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Delay-Dependent Response in Weakly Electric Fish under Closed-Loop Pulse Stimulation

  • Caroline Garcia Forlim ,

    Caroline.GarciaForlim@ugent.be

    Current address: Department of Data Analysis, Faculty of Psychology and Educational Sciences, Ghent University, Ghent, Belgium

    Affiliation Laboratório Fenômenos Não-Lineares, Instituto de Física, Universidade de São Paulo, São Paulo, Brazil

  • Reynaldo Daniel Pinto,

    Affiliation Lababoratório Neurodinâmica/Neurobiofísica, Instituto de Física de São Carlos, Universidade de São Paulo, São Carlos, Brazil

  • Pablo Varona,

    Affiliation Grupo de Neurocomputación Biológica, Departamento de Ingeniería Informática, Escuela Politécnica superior, Universidad Autónoma de Madrid, Madrid, Spain

  • Francisco B. Rodríguez

    Affiliation Grupo de Neurocomputación Biológica, Departamento de Ingeniería Informática, Escuela Politécnica superior, Universidad Autónoma de Madrid, Madrid, Spain

Delay-Dependent Response in Weakly Electric Fish under Closed-Loop Pulse Stimulation

  • Caroline Garcia Forlim, 
  • Reynaldo Daniel Pinto, 
  • Pablo Varona, 
  • Francisco B. Rodríguez
PLOS
x

Abstract

In this paper, we apply a real time activity-dependent protocol to study how freely swimming weakly electric fish produce and process the timing of their own electric signals. Specifically, we address this study in the elephant fish, Gnathonemus petersii, an animal that uses weak discharges to locate obstacles or food while navigating, as well as for electro-communication with conspecifics. To investigate how the inter pulse intervals vary in response to external stimuli, we compare the response to a simple closed-loop stimulation protocol and the signals generated without electrical stimulation. The activity-dependent stimulation protocol explores different stimulus delivery delays relative to the fish’s own electric discharges. We show that there is a critical time delay in this closed-loop interaction, as the largest changes in inter pulse intervals occur when the stimulation delay is below 100 ms. We also discuss the implications of these findings in the context of information processing in weakly electric fish.

Introduction

Weakly electric fish produce and perceive electric signals. Pulse-type electric fish have electroreceptors across their bodies and an organ that generates all-or-nothing species-specific electric organ discharges (EODs) [15]. EODs are used to sense the environment, search for food, identify sex and species and to communicate. EODs can be easily detected non-invasively, thus, weakly electric fish are a convenient animal model to study information processing and communication mechanisms in freely behaving animals. The EOD waveform is stereotyped among discharges, on the other hand, the interval between theses discharges, known as the inter pulse intervals (IPI), varies considerably (from ~10–400 ms) and carries information about the behavioral state of the fish [68]. Depending on the behavioral context (e.g. night/day) and the external stimuli, fish adapt their electric behavior [6,810] by changing their IPI distribution over time. These changes in the temporal structure of the EODs are also correlated with different swimming patterns and overall motor behavior [9,11,12].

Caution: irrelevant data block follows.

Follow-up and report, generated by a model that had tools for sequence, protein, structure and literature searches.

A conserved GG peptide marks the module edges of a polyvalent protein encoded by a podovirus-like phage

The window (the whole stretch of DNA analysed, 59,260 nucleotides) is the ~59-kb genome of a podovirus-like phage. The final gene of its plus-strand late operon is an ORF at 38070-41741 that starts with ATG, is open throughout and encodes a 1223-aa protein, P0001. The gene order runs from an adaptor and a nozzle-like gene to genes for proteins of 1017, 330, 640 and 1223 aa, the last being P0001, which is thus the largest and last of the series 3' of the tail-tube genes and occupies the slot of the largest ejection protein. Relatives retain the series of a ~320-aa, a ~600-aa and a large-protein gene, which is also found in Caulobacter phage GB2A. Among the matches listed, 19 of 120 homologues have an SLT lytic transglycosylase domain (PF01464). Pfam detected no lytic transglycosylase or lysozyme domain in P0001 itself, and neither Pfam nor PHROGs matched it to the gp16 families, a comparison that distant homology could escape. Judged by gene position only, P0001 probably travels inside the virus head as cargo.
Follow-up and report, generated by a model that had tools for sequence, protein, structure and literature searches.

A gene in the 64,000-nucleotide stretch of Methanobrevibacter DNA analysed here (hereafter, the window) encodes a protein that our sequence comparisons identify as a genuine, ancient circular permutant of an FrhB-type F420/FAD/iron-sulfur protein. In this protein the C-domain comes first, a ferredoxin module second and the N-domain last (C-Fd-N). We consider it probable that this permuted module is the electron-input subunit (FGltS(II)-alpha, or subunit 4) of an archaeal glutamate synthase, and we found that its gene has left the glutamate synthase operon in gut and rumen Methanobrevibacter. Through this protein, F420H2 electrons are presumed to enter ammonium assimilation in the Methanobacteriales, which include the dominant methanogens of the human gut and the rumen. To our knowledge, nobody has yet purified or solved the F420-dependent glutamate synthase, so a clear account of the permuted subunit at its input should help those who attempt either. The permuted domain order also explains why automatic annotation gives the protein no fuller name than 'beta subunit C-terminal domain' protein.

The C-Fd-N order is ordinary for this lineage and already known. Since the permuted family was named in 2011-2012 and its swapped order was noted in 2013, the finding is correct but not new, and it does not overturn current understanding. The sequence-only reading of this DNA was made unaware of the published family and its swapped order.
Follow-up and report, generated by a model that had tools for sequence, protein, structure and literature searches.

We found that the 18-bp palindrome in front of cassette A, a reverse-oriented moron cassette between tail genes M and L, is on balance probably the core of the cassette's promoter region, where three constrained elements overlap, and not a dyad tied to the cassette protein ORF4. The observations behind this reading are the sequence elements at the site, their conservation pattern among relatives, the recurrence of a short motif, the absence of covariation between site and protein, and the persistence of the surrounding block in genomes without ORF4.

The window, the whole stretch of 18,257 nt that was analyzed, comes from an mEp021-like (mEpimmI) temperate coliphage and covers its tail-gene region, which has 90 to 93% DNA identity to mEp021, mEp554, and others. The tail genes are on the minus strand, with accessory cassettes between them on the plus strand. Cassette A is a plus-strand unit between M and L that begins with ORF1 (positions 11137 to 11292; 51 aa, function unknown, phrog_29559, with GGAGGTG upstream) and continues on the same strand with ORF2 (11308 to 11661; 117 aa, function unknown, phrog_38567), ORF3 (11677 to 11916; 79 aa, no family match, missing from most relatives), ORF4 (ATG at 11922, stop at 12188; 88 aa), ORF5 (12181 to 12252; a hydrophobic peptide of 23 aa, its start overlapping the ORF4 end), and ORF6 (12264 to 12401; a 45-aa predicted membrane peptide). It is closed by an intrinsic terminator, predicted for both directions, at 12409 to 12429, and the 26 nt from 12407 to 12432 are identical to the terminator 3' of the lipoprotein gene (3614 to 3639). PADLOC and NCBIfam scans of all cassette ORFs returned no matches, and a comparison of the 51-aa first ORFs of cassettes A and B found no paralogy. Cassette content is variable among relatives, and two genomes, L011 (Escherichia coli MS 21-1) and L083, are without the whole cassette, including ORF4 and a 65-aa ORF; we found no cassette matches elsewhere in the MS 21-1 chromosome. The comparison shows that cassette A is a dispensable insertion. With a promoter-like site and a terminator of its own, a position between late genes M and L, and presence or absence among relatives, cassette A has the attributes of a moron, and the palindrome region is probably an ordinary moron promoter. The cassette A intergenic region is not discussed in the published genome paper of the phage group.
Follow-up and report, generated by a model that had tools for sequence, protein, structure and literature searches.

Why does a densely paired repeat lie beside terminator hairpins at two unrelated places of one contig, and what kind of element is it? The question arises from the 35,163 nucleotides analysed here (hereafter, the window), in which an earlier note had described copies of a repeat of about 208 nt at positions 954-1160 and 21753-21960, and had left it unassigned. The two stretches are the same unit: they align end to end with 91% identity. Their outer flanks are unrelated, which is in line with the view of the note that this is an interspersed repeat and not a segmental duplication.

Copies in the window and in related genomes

Gnathonemus petersii and other Mormyridae exhibit a well studied echo response. They fire a single pulse approximately 12 ms after receiving another external electrical pulse [1,1316]. The echo response can be observed for a stimulus sent not further than 30 cm away from the fish [16]. This mechanism could avoid electrical jamming between the EODs of different fish [12,14] and might also be involved in communication [13].

Many neuroethological experiments in weakly electric fish have used playback recordings to stimulate the animals [6,7,12,1721]. Playback stimuli consist of pre-recorded signals that are delivered independently of the fish's response. Weakly electric fish respond differently to stimuli recorded from attacking fish, resting fish and randomized sequences of IPIs [7,12,17]. The precise timing of the pulses generated by the fish, presumably arising from the interaction with the environment, may play an important role in the information coding mechanisms.

Although the importance of playback experiments is unquestionable, the history-dependent nonlinear and adaptive nature of the nervous system makes advisable the use of other types of stimulation protocols that can take into account the actual (neural and behavioral) state of the animal. The ability to change a stimulus as a function of real time events detected in the ongoing activity can expose relevant aspects hidden under traditional open-loop stimulation protocols and bridge between different levels of analysis.